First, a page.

Pearse Trust Blog
Can the body of international tax rules, which have developed in such an unruly and illogical fashion since the early 20th century, really be transformed into a coherent whole within the space of a few years? The Organisation of Economic Development and Cooperation (“OECD”) seems to think so. Recent developments however, suggest that the OECD may have bitten off more than it can chew with its BEPS project. Read More
In a previous blog we examined the role and powers of trust protectors. We will now examine the relationship between protectors and trustees.
In recent years, settlors are increasingly appointing protectors on the settlement of trusts. There are a number of reasons for such an appointment:
- They may have yet to build a relationship with the proposed trustee;
- They wish to safeguard their wishes on settlement of the trust; and
- To oversee the proper administration of the trust.
You may not be aware of this, but, further to a joint declaration signed in 2013, a ‘Dual Year’ celebration between the UK and Mexico, designed to enhance cultural and economic relations between the two countries is currently underway.
More specifically, the Governments of both countries have designated 2015 as the year of Mexico in the UK and vice versa the year of the UK in Mexico.Read More
Lawmakers across the political spectrum in the United States are generally agreed that the tax code is in need of an overhaul. A comprehensive tax reform plan that both parties in Congress can rally around is proving very elusive, however.
A Complex Code
It has been less than 30 years since the last major simplification of the tax code, and the National Taxpayer Advocate says that the total time burden of tax compliance has reached 6.1bn hours. That is the equivalent of approximately 3.05m employees working 40-hour weeks year-round with just two weeks off. The total cost of complying with the tax code is calculated at USD224.3bn a year.Read More
On 7 May 2015, a General Election will be held to elect the 56th Parliament of the United Kingdom.
Currently, general consensus and polling results suggest that the outcome will be that of a hung parliament with no single party securing the necessary majority required to form the Government. As occurred in 2010, a coalition government of 2 or more parties would be the expected outcome in such an event.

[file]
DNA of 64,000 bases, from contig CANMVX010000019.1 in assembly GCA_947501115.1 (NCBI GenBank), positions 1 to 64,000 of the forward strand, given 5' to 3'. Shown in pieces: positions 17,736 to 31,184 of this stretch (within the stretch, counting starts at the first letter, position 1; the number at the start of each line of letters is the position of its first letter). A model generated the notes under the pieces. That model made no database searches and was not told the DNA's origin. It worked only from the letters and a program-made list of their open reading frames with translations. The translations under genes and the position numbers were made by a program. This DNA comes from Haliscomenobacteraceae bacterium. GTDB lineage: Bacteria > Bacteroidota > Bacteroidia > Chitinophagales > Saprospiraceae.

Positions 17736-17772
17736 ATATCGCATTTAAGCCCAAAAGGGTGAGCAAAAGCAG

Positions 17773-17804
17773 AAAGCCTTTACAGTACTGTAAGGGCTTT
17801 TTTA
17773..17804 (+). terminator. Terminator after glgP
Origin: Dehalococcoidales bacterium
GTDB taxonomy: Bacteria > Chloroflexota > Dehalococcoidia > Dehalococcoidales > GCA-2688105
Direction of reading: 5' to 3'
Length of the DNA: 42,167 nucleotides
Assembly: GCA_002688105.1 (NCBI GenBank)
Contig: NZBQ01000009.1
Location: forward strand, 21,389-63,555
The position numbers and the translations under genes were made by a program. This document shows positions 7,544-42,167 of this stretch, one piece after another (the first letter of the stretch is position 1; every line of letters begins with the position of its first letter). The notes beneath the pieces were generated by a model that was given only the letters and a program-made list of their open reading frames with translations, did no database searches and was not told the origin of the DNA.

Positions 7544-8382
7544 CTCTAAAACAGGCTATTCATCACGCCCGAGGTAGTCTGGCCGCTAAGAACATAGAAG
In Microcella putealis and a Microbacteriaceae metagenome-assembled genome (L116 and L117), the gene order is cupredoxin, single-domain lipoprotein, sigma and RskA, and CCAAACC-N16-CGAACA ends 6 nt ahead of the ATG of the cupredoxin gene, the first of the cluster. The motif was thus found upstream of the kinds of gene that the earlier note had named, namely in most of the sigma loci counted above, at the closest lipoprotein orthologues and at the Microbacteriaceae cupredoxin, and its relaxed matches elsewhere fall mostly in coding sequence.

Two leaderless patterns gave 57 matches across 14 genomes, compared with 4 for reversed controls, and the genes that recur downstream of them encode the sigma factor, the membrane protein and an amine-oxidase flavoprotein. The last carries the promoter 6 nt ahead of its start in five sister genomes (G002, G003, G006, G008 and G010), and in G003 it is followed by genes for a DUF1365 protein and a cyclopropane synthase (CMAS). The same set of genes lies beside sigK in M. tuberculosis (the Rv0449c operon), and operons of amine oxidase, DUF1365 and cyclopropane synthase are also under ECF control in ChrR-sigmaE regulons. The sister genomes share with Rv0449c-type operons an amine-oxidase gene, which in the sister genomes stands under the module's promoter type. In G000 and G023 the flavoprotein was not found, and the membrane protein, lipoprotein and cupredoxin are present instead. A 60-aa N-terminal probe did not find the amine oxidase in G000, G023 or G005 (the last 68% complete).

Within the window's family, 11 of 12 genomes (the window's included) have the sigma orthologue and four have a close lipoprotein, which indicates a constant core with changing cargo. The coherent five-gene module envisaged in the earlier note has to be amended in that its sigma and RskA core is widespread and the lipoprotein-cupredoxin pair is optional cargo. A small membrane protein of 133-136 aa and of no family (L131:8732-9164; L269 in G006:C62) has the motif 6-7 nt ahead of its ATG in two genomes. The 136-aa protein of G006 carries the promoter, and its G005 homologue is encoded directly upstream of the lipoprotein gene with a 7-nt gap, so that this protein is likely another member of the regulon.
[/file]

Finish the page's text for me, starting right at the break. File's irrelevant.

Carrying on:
The following represents a short overview of the policies put forward by some of the main parties with regards to taxation and related matters.Read More
Northern Ireland may be permitted to set its own corporation tax rates by April 2017 should the Corporation Tax (Northern Ireland) Bill (the Bill) be passed.
The Bill, published in January 2015, sets out details of the proposed devolution of tax powers to the Northern Ireland Assembly.Read More
This blog provides a summary of the UK corporation tax rates applicable to companies chargeable to corporation tax in the UK.
Amounts Subject To Corporation Tax
Companies resident in the UK, foreign branch profits of UK resident companies and overseas companies managed and controlled from within the UK are subject to corporation tax in the UK.Read More
The 2014/2015 financial year came to an end in New Zealand on 31 March 2015. All entities including companies and limited partnerships operating with the standard accounting period ending of 31 March must be aware of their financial and tax reporting obligations.
Standard Balance Date
The tax year in New Zealand runs from 1 April to 31 March each year, with 31 March being referred to as the “standard balance date”. Entities wishing to operate a financial year with a different balance date, referred to as a “non-standard balance date”, must first seek approval from the Commissioner of Inland Revenue.Read More
Charges which are excluded are as follows:
- A charge in favour of a landlord on a cash deposit given as a security in connection with the lease of land;
- A charge created by a member of Lloyds (within the meaning of Lloyd’s Act 1982) to secure its obligations in connection with its underwriting business at Lloyd’s; and
- A charge that any other act or legislation specifically excludes from registration.
The Bribery Act 2010 (“the Act”) came into effect in the UK on 1 July 2011. The Act supersedes previous bribery legislation, including the Public Bodies Corrupt Practices Act 1889 and the Prevention of Corruptions of Acts 1906 and 1916.
The Act was introduced to modernise the law on bribery in order to enhance the effectiveness by which prosecutors and the courts manage anti-bribery cases.Read More